Donovan made headlines last month when a grand jury he convened did not indict Officer Daniel Pantaleo for the death of Eric Garner. He is now opposing the release of details from the investigation.
Donovan, who's served as district attorney since 2003, already received widespread support from Republicans on and off the island.
He's seeking the endorsement of the Republican party to be the candidate for a special election to take over the seat, left vacant after Grimm pleaded guilty to tax evasion.
"In the week since my last announcement the enthusiasm for my candidacy has only broadened and intensified, with expressions of support also from beyond the two boroughs," Donovan said in a statement.
"Accordingly, please consider this my formal announcement that I will be seeking the endorsements of the Republican, Conservative, and Independence Parties in the upcoming Special Election for the 11th Congressional District of New York."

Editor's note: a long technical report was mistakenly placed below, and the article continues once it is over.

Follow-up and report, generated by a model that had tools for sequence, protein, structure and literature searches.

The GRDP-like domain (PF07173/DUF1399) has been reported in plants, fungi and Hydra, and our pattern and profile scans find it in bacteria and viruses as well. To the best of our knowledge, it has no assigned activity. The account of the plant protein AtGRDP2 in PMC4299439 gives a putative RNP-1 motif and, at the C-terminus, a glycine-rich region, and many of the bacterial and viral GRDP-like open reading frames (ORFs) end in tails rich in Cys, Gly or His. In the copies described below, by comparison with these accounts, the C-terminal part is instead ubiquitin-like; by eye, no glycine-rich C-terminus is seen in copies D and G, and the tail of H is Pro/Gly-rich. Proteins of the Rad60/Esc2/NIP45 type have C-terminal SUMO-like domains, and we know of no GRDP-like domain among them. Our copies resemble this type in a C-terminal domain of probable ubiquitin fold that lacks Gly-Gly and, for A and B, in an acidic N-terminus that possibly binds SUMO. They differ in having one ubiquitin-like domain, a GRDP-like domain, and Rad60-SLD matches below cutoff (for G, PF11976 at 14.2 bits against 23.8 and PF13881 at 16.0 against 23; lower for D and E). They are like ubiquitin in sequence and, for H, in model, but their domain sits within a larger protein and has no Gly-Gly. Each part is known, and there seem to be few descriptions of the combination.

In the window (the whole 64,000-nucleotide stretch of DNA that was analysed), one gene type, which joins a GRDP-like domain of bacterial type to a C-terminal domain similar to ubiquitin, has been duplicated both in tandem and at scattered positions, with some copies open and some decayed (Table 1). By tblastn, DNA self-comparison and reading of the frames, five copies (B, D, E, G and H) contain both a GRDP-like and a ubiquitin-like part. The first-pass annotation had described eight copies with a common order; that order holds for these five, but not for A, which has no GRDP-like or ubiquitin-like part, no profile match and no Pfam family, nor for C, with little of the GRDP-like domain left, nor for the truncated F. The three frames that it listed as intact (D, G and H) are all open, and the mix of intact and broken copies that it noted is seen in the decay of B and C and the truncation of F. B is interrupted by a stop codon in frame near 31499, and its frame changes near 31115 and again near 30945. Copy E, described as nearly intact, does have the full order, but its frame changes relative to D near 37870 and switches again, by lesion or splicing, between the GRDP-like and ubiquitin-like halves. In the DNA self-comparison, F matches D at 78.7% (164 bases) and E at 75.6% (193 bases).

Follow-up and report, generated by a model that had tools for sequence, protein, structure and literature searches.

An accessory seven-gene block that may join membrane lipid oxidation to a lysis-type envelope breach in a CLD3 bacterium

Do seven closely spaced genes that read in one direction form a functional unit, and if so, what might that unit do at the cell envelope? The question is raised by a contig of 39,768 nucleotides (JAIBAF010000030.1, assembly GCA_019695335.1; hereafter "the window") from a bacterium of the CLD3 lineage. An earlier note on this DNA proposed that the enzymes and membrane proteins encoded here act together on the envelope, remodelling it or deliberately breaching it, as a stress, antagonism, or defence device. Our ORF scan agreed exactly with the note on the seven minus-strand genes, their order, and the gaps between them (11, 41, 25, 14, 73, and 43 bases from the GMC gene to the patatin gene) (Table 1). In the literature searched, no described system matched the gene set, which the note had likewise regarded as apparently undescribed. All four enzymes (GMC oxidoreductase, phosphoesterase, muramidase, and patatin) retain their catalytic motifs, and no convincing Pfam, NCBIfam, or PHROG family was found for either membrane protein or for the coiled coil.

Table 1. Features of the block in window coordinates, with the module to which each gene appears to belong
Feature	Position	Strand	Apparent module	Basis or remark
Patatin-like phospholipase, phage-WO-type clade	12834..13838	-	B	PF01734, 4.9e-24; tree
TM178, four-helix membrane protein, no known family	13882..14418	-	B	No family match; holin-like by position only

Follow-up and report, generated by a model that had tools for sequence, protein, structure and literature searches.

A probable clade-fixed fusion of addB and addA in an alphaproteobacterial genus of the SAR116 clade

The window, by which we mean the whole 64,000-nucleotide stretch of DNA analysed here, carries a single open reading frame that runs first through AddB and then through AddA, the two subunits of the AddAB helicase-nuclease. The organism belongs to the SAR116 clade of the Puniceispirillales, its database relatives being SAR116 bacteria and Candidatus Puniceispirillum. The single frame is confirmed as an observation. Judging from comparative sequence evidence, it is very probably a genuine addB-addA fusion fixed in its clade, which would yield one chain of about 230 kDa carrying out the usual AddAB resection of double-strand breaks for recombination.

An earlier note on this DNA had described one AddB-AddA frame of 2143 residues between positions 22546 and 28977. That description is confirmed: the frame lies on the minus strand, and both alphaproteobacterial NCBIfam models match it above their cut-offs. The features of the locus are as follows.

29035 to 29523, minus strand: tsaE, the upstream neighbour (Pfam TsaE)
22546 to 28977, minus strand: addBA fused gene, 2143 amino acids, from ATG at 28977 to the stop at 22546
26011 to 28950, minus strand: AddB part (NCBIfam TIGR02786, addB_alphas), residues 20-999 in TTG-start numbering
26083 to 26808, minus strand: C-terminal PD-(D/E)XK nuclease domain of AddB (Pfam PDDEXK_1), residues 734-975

Assemblywoman Nicole Malliotakis also said she's seeking the nomination from the same parties, and said she hopes the Staten Island GOP takes into consideration their "rank and file members" before they make a decision on the nominee.
"It's stacked against me, because most of the members are staff members of elected officials who have already made their endorsements," Malliotakis said, who received support from the Brooklyn party and former governor George Pataki. "It's important to get the rank and file members informed... I think it's important that they're included."
Since Grimm resigned from Congress on Jan. 5, Gov. Andrew Cuomo has to set a special election to fill the spot, which hasn't been set yet. There are no primaries for special election, and candidates are appointed by the parties for the spot.
Assemblyman Michael Cusick, Councilman Vincent Gentile and Michael McMahon — who lost the seat to Grimm in 2011 — have been linked to run on the Democratic side.